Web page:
Wow. This book is definitely an unputdownable. Basically after a terrorist attack in San Francisco(sp?) the US government goes overboard monitering anWow. This book is definitely an unputdownable. Basically after a terrorist attack in San Francisco(sp?) the US government goes overboard monitering and controlling its citizens in an attempt to find the terrorist. Seventeen-year-old Marcus, who knows computers and security systems inside out, decides to bring down the system after personally being jailed and tortured by said government.
Like I said, Little Brother makes you want to keep reading The writing in most places is really good, especially the torture scenes and the emotional scenes from the middle onwards. Doctorow can really catch a vibe of a scene and send it on.
Computer tricks and cryptography and everything that goes on in here is fascinating.
Kids beating the government is actually made believeable.
Stuff happens at every turn that makes you want to keep reading. I read way too late last night, trying to finish this.
Cory Doctorow also doesn't describe his sex scenes in detail: I appreciate this for two reasons. Firstly, I really don't want to read about it, and secondly, I've had the misfortune to come across a sex scene in a Cory Doctorow novel before, and man, that is not a place you wanna be.
It sucks you in. I started to get really outraged over the scene in the school with the teacher spouting propaganda--then remembered it wasn't real.
Marcus as a character was likeable: compassionate, smart, and not big-headed at all.
One part was really unemotional: where Marcus decides that he's going to bring the DHS down felt really meh to me--like after everything they've done to him, he suddenly makes this decision over a minor thing that happens because of them. Tamora Pierce did it a lot better in Trickster's Choice.
I liked Ange, but she was all over Marcus straight away from the time she met him. It's like this guy fantasy: get with the cute chick straight away, and then find out she's smart and funny and has a good personality. Oh, and horny. Extremely so. So I didn't find the beginning of the romance too realistic, but I did enjoy the book as a whole.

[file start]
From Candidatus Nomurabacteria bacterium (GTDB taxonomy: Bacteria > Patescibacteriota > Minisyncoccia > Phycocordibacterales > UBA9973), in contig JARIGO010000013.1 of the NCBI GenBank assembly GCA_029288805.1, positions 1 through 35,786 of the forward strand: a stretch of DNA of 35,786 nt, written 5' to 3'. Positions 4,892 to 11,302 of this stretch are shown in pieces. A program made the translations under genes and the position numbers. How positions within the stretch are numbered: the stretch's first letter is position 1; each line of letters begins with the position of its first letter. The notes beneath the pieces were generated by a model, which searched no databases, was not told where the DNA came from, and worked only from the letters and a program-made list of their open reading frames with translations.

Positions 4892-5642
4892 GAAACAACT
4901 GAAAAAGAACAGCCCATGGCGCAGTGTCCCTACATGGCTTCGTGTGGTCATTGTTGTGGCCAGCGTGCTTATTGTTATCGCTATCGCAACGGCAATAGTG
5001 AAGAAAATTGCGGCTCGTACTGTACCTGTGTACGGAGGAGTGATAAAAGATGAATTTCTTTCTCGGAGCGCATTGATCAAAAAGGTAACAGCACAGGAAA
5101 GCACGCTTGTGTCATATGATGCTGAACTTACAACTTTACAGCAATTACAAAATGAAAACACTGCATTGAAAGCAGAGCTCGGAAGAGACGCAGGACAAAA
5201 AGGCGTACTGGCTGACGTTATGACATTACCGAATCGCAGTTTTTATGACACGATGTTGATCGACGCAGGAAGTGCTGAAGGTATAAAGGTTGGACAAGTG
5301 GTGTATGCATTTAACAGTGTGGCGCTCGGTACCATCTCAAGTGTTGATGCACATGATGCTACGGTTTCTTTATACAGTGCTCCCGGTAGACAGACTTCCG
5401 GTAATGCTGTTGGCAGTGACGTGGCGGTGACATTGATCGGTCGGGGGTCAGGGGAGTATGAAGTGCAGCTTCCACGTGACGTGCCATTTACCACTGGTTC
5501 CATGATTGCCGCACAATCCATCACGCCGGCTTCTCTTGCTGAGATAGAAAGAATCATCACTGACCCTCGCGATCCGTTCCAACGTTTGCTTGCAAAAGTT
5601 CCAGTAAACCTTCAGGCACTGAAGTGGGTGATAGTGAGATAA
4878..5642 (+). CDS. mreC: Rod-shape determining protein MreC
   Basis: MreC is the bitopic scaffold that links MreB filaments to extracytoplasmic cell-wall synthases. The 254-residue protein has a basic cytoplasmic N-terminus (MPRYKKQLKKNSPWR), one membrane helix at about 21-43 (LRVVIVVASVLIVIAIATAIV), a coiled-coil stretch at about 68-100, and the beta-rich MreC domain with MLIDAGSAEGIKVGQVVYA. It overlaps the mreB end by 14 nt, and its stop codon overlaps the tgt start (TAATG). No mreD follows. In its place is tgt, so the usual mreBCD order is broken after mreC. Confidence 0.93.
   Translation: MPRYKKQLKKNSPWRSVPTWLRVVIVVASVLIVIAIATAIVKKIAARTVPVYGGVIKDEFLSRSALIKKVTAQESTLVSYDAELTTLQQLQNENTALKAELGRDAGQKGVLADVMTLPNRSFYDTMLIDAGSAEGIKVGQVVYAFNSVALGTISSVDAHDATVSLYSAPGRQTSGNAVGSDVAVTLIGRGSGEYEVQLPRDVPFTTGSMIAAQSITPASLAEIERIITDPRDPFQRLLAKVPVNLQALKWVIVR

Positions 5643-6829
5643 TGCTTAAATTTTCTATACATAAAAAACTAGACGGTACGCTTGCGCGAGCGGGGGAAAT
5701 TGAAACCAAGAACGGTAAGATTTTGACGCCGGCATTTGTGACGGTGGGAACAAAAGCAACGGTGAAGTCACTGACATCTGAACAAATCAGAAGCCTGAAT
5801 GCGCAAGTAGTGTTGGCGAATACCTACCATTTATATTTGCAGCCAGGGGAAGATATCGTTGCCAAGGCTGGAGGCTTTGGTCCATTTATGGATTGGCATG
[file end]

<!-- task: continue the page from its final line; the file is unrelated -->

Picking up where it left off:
I felt like things didn't get bad enough for Marcus. He should've had a few more things happening to him, like betrayal. Especially betrayal. The consequences of the DHS's trap survey and infiltration of the Xnet never hit the main characters, and in some cases never affected anything at all. It didn't bug me at the time, though.
I never knew whether this was only happening in San Fransisco or in the whole of the US; it was never discussed.
There was also no closure for the terrorist attacks; we never find out who did it. I guess in one way, it wasn't important, because the original incident was only there to spark the rest of the novel. Still, it's a book, it would've been nice for Doctorow to tie up a loose end.
Overall rating: 4/5 stars. Little Brother wasn't perfect, but in no way did I have the sense that it should've been so much more. It's enough of a mouthful as it is, and a book you'll really enjoy reading....more
A wonderful ironic tragedy set during a British survey of Ireland that examines cultural boundaries, communication, and relationships. It's so full ofA wonderful ironic tragedy set during a British survey of Ireland that examines cultural boundaries, communication, and relationships. It's so full of life, even just reading it is quite an experience....more